Today, we don’t charge for initiation entirely because of the first reason I discussed above. But not getting sued by grumpy ex-students out for vengeance is definitely a fringe benefit.
I don’t have any proof, but I suspect that a lot of the things said about money being anathema in Greater Pagandom come out of BTW not costing anything. I’ve been told that one’s athame should be a gift; that one’s ritual cup should be a gift; that one’s first Tarot deck should be a gift; and those are lovely thoughts, but purchasing any of these things for yourself will never be any kind of deal-breaker. The ritual cup I use most often was (very thoughtfully) gifted to me, but I’ve got others that I bought on my own, and the ground isn’t going to crack open beneath me if I drink out of one of them instead. I found my athame at an Army surplus store, and I didn’t have to scrub the stench of retail off of it before using it.
I did have to sand the handle and stain it black, but that was just par for the traditional course. And I did so without accidentally burning my house down. Considering how often I walk into telephone poles, no one was more surprised than I was at the success of that project.
I’ve also heard over and over that you’re not supposed to haggle over the price of your athame, which… okay, I kind of endorse this, even if I don’t know where that particular guideline came from. But it makes sense — the athame is an extension of the Witch’s will, and that’s not something you ever want to devalue. Plus, saving up for a pricey but perfect knife is imposing discipline over will, which is something an effective Witch often finds themselves having to do.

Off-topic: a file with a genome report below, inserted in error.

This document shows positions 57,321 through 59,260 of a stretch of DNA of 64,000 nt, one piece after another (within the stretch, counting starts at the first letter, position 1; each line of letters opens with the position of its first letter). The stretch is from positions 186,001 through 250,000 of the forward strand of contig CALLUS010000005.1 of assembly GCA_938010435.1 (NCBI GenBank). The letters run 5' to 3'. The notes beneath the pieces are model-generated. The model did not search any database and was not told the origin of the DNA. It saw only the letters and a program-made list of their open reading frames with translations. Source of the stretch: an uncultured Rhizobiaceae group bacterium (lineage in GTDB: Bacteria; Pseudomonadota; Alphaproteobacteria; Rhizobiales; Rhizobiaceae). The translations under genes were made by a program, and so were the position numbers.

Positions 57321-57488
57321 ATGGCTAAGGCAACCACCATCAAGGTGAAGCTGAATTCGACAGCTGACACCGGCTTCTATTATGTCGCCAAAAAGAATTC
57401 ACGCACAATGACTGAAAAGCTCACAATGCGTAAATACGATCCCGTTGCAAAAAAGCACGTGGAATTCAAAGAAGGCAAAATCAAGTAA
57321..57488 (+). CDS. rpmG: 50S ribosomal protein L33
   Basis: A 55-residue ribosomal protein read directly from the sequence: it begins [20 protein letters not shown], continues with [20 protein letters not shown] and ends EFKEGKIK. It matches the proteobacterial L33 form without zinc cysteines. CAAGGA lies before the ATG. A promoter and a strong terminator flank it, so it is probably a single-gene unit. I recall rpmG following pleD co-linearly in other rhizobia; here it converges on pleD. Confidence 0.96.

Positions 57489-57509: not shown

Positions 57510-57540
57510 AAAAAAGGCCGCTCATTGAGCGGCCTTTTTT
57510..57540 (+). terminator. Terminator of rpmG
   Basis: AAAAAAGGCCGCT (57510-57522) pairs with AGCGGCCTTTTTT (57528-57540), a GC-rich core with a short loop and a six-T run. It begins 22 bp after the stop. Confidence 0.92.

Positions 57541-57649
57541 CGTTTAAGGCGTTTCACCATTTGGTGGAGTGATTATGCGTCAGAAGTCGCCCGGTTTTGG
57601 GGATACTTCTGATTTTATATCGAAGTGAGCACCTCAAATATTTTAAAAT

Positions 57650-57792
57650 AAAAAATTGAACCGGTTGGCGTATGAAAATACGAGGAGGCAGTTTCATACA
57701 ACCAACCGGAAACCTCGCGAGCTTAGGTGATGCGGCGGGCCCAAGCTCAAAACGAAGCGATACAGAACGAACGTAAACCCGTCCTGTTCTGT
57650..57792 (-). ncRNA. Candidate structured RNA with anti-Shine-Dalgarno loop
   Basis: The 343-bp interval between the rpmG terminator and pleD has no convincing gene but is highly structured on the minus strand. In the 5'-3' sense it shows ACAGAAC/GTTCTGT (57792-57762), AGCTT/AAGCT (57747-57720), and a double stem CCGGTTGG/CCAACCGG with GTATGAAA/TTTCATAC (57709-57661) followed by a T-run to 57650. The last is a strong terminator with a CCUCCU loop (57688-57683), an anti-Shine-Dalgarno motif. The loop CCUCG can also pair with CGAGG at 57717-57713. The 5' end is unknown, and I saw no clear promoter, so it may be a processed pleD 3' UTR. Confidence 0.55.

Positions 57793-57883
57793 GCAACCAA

I do understand the romanticism of the “must be gifted” ideal, but I also think it’s contributing to the idea that stealing ritual tools is okay. Picture some teenager in a bumpluck, square-state town who doesn’t know any Witches in real life but keeps reading online that magical supplies must not be purchased: If they don’t have anyone to give them a knife or a deck of cards, they could realistically assume that theft is their only option. And that’s a truly unfortunate precedent to set.
Long story short, don’t steal stuff, pumpkins, and don’t encourage others to steal. Support your local occult shops and bookstores; or, if there’s not one in your area, see what you can buy directly through artists’ and creators’ websites, or through Bookshop Dot Org. And if you can’t do any of the above, see what’s available in your immediate environment and go from there.
As my favorite Witch Tempest once said, “Everyday Witchcraft is sourced from what is at our fingertips.” These are excellent words to live and practice by. Just, y’know, make sure those fingers aren’t sticky.